Bulgakov recycles the café setting in the third scene of the second act of Black Sea (Chernoe more, 1936), a libretto written for the Bolshoi theater. The White general Agaf’ev enters a café packed with civilians, where a gypsy ensemble performs on a stage. When asked to give a report on the state of affairs, Agaf’ev enthusiastically describes the city’s impenetrable defenses. The artist Bolotov approaches the general to request help on behalf of his ill wife who is being unjustly held in the White counterintelligence headquarters. Before the general can act on this request, he receives news that the Reds have broken through the city’s defenses and he falls over dead. Everyone flees the café, hysterically racing to board the last ships preparing to leave port.
In the film Flight (Beg, 1970), which incorporates various elements from several of Bulgakov’s works about the Civil War, the screenwriters include a café scene similar to the ones in Black Sea and “In the Café.” White counterintelligence officers attempt to delay Korzukhin, a high official in the White government, by entertaining him in a café. Their goal is to delay his passage to the West long enough to extort a considerable sum of money from him to clear his former wife from false accusations of spreading Communist propaganda and participation in underground communist activity. Watch the scene from Mosfilm’s Flight with English subtitles here (1:03:56-1:06:25).
The café scene in each variant is brief and limited, and yet vividly suggests what life in Russia’s southern cities was like as the Bolsheviks advanced further and further south and the demise of Denikin’s army became inevitable. In the face of national calamity, the bourgeois café scene remarks powerfully on the inherent duplicity of wartime life, highlighting the contrast between privation and privilege. In “In the Café” Bulgakov seems to use the café to motivate Whites to recognize the duty of honor, to stop their hypocrisy; in Black Sea the scene underscores the empty security and cowardice of the White High Command. In the Soviet film version, writers (with the approval of Elena Sergeevna Bulgakov, the writer’s third wife) employ the power of the imagery to reinforce negative stereotypes of the bourgeois Whites.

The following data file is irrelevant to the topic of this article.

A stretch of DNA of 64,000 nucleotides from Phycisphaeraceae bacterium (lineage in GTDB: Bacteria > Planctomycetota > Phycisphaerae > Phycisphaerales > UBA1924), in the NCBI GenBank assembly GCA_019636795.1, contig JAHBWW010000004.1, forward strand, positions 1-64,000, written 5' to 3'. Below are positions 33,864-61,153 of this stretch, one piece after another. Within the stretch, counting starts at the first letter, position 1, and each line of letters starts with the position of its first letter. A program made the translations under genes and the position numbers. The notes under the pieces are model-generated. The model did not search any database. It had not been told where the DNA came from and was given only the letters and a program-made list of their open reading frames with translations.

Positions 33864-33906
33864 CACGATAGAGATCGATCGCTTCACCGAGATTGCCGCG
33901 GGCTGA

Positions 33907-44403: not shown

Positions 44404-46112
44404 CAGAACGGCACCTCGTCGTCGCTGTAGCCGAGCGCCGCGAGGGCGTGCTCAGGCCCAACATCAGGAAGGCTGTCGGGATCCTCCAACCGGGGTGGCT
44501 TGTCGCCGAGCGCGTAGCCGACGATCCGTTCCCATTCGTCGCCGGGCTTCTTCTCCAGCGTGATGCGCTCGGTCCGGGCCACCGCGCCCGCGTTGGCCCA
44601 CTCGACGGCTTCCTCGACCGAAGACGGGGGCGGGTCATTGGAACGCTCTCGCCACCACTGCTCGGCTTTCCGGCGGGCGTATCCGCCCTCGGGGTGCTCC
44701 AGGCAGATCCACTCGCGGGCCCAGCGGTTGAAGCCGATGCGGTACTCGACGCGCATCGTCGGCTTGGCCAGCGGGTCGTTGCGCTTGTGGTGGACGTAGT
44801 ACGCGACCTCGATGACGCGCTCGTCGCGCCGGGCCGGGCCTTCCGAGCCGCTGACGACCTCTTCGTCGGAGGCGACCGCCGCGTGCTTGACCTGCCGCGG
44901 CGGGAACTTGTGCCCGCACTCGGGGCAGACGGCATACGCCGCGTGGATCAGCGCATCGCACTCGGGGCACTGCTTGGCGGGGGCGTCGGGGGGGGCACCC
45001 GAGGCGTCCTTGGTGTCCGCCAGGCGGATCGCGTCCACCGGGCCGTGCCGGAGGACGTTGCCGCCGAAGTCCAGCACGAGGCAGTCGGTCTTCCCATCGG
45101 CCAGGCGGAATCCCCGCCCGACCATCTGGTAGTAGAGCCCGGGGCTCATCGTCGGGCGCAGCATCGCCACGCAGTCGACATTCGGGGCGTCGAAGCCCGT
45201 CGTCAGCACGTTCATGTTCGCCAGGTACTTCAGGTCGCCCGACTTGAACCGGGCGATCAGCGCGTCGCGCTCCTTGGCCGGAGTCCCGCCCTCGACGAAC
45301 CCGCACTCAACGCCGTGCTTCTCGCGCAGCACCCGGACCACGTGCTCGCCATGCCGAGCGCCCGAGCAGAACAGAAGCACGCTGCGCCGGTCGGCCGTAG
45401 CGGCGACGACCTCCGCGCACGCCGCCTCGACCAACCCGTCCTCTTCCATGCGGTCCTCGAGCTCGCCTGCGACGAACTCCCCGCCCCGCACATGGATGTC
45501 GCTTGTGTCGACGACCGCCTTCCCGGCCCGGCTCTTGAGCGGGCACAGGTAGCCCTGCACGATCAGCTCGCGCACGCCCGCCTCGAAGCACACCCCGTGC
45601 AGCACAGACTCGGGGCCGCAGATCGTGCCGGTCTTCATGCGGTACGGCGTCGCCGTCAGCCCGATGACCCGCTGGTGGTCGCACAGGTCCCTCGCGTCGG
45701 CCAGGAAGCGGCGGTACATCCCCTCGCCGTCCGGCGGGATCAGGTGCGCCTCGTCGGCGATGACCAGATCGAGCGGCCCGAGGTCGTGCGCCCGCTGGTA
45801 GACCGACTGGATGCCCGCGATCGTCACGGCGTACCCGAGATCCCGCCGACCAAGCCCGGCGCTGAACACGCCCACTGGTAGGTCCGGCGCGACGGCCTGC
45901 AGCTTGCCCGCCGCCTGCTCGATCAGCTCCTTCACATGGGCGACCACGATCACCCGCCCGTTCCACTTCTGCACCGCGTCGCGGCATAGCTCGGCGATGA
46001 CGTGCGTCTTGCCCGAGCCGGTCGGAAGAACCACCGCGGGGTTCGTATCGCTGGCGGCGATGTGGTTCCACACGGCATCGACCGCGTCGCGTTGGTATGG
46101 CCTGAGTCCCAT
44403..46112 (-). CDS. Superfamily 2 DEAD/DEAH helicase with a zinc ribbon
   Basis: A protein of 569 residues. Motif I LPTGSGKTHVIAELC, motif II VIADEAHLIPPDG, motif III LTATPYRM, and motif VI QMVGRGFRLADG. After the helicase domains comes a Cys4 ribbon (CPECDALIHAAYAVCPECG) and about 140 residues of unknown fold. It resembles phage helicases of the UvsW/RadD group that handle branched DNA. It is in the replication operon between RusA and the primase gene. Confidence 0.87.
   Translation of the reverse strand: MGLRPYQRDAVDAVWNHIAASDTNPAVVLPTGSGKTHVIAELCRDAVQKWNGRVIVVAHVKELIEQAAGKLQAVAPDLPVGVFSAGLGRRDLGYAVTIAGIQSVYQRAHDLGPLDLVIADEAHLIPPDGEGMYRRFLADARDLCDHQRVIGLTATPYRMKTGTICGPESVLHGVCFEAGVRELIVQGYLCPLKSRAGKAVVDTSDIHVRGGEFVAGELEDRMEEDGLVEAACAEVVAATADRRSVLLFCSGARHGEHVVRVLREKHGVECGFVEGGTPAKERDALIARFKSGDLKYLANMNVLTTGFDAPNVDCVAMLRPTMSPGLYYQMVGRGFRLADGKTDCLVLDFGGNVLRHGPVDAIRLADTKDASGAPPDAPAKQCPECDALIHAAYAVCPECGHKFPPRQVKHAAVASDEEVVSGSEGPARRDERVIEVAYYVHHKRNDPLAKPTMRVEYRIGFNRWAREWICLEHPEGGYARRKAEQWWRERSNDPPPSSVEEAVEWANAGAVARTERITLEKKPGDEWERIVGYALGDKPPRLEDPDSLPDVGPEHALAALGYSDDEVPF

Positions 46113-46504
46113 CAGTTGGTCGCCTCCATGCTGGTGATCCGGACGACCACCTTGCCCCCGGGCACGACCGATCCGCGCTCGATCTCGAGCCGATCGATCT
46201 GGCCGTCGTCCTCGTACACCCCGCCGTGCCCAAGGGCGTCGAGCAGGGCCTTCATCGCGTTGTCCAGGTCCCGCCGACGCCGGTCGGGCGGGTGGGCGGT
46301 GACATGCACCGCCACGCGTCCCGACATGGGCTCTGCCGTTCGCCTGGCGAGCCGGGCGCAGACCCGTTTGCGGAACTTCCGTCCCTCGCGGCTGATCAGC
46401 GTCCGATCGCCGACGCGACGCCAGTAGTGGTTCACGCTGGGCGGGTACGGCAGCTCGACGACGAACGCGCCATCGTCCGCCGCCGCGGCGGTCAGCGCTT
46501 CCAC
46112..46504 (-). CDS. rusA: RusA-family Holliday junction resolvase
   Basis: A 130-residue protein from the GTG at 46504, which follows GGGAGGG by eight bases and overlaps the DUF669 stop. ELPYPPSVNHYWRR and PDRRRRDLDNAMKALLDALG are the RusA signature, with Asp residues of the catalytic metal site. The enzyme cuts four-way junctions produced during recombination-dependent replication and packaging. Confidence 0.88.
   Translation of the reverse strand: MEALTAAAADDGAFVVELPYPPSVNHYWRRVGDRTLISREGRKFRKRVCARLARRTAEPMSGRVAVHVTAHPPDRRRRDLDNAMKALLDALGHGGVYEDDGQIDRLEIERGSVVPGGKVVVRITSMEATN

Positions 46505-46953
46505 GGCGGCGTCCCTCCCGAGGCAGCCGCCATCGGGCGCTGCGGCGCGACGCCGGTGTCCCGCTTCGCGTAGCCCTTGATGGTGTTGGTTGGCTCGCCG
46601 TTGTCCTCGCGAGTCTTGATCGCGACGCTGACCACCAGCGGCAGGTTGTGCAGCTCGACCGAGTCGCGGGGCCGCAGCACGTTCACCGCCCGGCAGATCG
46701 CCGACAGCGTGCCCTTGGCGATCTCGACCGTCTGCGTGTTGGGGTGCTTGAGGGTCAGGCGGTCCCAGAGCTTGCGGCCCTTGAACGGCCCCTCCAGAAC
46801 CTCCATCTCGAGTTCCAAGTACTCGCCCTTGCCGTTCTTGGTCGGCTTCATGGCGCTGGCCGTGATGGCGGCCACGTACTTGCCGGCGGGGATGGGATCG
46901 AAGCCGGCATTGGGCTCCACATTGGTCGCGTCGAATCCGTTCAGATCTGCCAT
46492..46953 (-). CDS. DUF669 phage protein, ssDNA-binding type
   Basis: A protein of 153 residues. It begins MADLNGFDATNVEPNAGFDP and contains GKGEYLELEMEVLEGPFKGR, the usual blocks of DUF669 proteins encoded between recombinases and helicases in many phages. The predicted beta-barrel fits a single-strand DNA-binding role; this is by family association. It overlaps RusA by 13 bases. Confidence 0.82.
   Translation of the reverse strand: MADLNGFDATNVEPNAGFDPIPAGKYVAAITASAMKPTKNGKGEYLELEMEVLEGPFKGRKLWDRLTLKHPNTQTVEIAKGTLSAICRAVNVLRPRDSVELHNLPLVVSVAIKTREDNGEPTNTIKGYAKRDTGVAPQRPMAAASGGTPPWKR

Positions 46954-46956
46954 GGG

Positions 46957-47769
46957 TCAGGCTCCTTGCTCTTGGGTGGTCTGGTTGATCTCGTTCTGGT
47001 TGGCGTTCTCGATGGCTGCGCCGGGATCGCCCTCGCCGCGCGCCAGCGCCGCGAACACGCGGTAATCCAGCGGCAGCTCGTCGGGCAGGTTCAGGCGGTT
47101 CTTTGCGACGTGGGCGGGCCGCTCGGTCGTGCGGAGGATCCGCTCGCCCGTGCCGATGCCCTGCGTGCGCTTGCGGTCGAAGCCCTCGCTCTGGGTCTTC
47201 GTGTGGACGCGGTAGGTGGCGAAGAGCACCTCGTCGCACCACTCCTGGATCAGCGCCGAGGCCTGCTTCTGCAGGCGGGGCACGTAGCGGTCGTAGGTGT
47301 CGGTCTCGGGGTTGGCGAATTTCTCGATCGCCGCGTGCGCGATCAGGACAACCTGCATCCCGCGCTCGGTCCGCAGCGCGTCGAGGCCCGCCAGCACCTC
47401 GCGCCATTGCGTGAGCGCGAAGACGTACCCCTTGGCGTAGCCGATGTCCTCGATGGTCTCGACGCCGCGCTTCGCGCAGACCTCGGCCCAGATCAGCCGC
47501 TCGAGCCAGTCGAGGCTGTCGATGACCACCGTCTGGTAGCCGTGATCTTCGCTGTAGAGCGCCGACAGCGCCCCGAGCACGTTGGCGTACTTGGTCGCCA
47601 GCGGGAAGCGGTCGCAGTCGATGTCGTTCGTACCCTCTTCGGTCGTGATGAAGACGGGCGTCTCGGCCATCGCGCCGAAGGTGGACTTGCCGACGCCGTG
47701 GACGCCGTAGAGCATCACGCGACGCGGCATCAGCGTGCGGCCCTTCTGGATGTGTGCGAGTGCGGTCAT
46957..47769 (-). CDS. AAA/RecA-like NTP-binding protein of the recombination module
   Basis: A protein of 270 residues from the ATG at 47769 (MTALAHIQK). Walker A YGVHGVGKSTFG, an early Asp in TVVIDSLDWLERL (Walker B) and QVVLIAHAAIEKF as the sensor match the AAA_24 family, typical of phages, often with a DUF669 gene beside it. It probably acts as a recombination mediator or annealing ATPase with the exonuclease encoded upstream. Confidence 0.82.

Wars do strange things to the fates of individuals. Bulgakov completed his education during the Great War and practiced medicine through the end of Russia’s engagement in that conflict. He experienced the nightmarish taking and retaking of Kiev, and worked through the Civil War as a doctor. Then, on the eve of the end of the conflict Bulgakov made his first professional marks on the world of Russian literature in these two seemingly inauspicious newspaper publications. While so many of his elder contemporary writers (Bunin, Ivanov, Shestov, Artsybashev, Kuprin, Bal’mont, Merezhkovskii, Hippius, and others) were leaving the country, Bulgakov lay ill with typhus and missed his chance to get out. But those emigré writers, most of whom would never return, left a gaping whole into which Bulgakov was able to step, switching careers from medicine to belles-lettres to become one of the Soviet Union’s greatest fiction writers.
Sidney Eric Dement, Binghamton University (USA)